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1998 Yankees Diary, June 6: Bernie’s big hit beats Marlins

The Yankees only scored in one inning but it was enough to top the Fish.

Cleveland Indians v New York Yankees Photo by Mitchell Layton/Getty Images

Normally a series against the defending World Series champions would be one to mark on the calendar, but the 1998 Marlins were not your typical reigning champs. They would only win 54 games, the first World Series winner to lose more than 100 games the next season, as the stench of one of the sport’s most famous teardowns lingered over Jim Leyland’s squad.

To have one of the worst baseball teams of all time take on perhaps the best seems cruel from the go, and sure enough the Yankees swept the Marlins right out of town. Today we’re looking at the middle game of the set, and Bernie Williams’ big fly.

June 6: Yankees 4, Marlins 2 (box score)

Record: 43-13, .767 (10.5 game lead)

It says something about the random, grinding nature of baseball that a 54-win team actually had respectable scores in three losses to a 114-win team — the Yankees didn’t really blow Florida away, rather they just ground out good solid wins. All their offense came in a big third inning, as the game’s best lineup quickly adjusted to starter Jesús Sánchez the second time through.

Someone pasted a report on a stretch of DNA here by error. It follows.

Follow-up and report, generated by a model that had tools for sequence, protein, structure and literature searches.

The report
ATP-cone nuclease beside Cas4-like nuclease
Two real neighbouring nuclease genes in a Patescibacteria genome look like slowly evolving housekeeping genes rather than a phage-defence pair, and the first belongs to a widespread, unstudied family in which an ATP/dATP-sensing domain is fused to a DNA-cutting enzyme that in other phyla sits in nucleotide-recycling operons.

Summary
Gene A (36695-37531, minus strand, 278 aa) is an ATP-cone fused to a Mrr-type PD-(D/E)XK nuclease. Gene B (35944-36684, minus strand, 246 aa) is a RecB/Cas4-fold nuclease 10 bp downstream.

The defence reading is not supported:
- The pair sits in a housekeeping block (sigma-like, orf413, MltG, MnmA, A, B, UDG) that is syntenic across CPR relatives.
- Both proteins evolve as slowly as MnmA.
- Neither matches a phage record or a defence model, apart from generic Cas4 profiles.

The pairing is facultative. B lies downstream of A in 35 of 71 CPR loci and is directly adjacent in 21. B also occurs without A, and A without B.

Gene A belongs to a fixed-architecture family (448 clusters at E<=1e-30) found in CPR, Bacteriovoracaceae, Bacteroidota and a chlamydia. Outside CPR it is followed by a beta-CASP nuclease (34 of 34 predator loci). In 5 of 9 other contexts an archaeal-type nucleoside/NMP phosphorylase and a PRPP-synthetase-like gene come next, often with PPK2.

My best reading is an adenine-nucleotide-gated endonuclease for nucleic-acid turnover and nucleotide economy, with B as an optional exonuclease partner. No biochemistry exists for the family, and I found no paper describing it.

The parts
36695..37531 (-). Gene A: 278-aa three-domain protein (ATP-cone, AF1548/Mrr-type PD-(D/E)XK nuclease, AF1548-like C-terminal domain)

Chuck Knoblauch led off the inning with a single and swiped second, coming home to open the scoring on Luis Sojo’s RBI hit. Paul O’Neill followed with an infield single of his own, before Bernie hammered the 1-0 offering down the left field line, making it 4-0 Yankees. To Sánchez’s credit, he settled down after that bad inning and ended up throwing up seven frames, although he did allow multiple baserunners twice more and New York couldn’t convert.

Ramiro Mendoza didn’t quite face the same challenge. The righthander gave up just three hits across 7.1 innings, allowing a solo home run to Todd Dunwoody. He would be charged with a second run after being relieved by Graeme Llyod, who entered with two on and one out. Pinch-hitter Dave Berg slapped an RBI double to cut the lead to two. Mendoza ended up with just a single strikeout against two walks, but the Marlins weren’t enough of a threat for it to matter.

This series, and the season as a whole, was such an indictment on MLB’s handling of the Marlins franchise. That one of the representative clubs of its monopoly could disrespect a fanbase like that should have spurred reform about who is allowed to own a team and how it must be run — instead, the 1998 Marlins were a trial balloon for tanking, deliberately being terrible in order to reduce financial burdens.

The Yankees tossed them aside in this series, but taking wins against teams like this are often hollow. They all count in the standings, but it must have felt more like a coup de grace than an actual baseball game.